I don’t know that we’ll see another Johnny Ramone again. The world’s changed too much since his day. For the worse.

It’s time for Tony Muser to hit the road

You lost me, Tony Muser.
I used to think you were an OK guy. I have a quote from you hanging on my cubicle wall at work. Last summer, you said something about how energetic, outspoken people who smile a lot bring everybody up and energize the people around them. I copied and pasted it into my word processor, put it in a big, obnoxious font, and hung it where I’d see it a lot. I figured those would be good words to live by.

You’re a hard-nosed, old-school baseball guy. I like old-school baseball. A lot of the players today are more concerned about looking like supermodels than they are about playing baseball. You’re gruff, but my best baseball coaches were gruff.

But you couldn’t manage your way out of a paper bag. You inherited a terrible Royals team, I’ll admit that. Your biggest offensive weapons were Jeff King and Jay Bell. You only had two starting pitchers, Kevin Appier and Jose Rosado, who would have been starting pitchers for another team. The team was going nowhere.

Under your leadership, that’s changed. Jay Bell signed with Arizona. So much for loyalty. Jeff King retired suddenly. Dean Palmer, a hard-hitting third baseman, came and went under your tenure. But you showed confidence in Jermaine Dye and he became an All-Star. Joe Randa came home to play third base, and while Palmer put up better power numbers, Randa’s proven to be the better all-around player. Johnny Damon blossomed into the best leadoff hitter in the game under your watch, and it wasn’t your fault that he left for money. And Mike Sweeney, the backup catcher you said would never catch for you again, got a second chance as a DH under your watch because you were out of options, and he started hitting like George Brett. Then he got a third chance as a first baseman because you were out of options, and he became an All-Star. You pulled Rey Sanchez off the scrap heap and turned him into a respectable everyday shortstop. And three young hitters, Carlos Beltran, Mark Quinn, and Dee Brown, are now making names for themselves.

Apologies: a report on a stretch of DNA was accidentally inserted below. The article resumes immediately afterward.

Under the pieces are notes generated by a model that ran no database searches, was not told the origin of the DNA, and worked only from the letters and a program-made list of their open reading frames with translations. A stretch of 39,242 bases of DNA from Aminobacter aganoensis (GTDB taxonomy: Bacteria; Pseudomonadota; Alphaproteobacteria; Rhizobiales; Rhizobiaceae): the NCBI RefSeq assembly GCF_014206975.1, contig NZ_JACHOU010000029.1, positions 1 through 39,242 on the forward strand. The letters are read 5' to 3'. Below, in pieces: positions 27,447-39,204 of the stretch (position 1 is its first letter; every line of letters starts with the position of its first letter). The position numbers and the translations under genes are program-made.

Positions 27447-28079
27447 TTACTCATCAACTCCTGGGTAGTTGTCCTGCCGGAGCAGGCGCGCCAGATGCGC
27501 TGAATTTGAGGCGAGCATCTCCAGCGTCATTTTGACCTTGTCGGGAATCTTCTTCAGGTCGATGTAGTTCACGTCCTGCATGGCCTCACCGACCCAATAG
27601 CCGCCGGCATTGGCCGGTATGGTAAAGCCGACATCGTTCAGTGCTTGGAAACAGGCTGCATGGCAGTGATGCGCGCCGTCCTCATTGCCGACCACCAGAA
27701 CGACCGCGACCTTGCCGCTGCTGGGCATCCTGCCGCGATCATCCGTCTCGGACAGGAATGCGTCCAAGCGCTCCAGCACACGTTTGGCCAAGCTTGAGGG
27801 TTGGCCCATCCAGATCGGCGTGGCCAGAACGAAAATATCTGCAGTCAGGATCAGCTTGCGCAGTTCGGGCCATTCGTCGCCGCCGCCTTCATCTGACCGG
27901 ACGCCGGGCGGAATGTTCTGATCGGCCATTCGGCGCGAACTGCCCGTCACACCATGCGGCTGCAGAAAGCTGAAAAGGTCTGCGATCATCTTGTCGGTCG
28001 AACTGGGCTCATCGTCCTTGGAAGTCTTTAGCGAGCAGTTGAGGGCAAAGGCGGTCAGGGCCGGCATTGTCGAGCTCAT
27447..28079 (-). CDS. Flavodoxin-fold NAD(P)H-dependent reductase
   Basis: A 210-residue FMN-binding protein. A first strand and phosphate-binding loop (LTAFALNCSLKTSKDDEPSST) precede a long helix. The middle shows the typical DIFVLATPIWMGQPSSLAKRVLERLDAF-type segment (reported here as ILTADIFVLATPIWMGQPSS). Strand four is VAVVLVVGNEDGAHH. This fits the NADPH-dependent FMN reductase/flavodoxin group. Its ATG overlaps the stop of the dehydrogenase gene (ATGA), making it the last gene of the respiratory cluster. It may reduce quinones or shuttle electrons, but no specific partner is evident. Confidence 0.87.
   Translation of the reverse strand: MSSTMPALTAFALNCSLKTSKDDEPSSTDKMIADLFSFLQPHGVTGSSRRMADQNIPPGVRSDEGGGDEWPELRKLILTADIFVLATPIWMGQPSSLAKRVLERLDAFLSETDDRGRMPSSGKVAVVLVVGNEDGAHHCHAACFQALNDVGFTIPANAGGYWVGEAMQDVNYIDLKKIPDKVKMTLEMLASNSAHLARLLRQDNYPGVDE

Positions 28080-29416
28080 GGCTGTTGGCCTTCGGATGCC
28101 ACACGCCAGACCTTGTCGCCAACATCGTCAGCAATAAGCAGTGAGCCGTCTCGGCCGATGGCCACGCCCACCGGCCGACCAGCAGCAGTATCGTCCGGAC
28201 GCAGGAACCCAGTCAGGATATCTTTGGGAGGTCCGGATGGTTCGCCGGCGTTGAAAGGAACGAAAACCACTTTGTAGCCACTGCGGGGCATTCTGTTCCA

Yes, you’ve turned this team around. On paper, this is a much-improved team.

But that much-improved team isn’t winning games. Your career winning percentage is .430. Your predecessor, Bob Boone, was a terrible manager. But during his worst season with the Royals, he had a .444 winning percentage. I’d love to know what he’d do with what you have to work with.

After a series in Cleveland where the Royals were outscored 30-10, you lost your cool, and you took a rip at Mike Sweeney, your best player. “Chewing on cookies and drinking milk and praying is not going to get it done,” you said.

Yeah, Mike Sweeney only batted .182 during the series and only drove in one run. But it’s not like anyone else was getting on base ahead of him. Even if Mike Sweeney had driven home those four runners he left on base, the Royals still would have been outscored 30-14 and would have lost all three games. And Sweeney’s hitting .280 for the season. Just two years ago, Mike Sweeney hitting .280 was a miracle. Now it’s a slump. What’s going on? Mike Sweeney hitting .280 isn’t the reason the Royals are 10-18.

The Minnesota Twins are in first place. Statistically speaking, their lineup reads like this: .273, .198, .275, .293, .287, .239, .407, .190, .264. Now here’s the Royals’ lineup: .283, .255, .310, .260, .280, .300, .185, .183, .250. Aside from one hot bat, it doesn’t look too different, does it?

The Royals won the World Series in 1985 with a lineup that looked a lot like this year’s. Granted, that team may have had better pitching. But without comparable coaching, it’s impossible to know.

I used to be a believer, but now the only thing I believe is that you’re mostly interested in appearances, and looking right doesn’t necessarily translate into winning.

A number of replacements have been suggested for you. Your predecessors Bob Boone and Hal McRae have jobs elsewhere. McRae used his last-place team to mop up the floor with your next-to-last-place team earlier this week. John Wathan is available, and his career record was better than yours. But my pick would be Cookie Rojas, an old fan favorite with a little managerial experience, tons of coaching experience, and plenty of leadership.

But I’m not sure I care much who replaces you. Just as long as it’s someone. It’s time for you to go.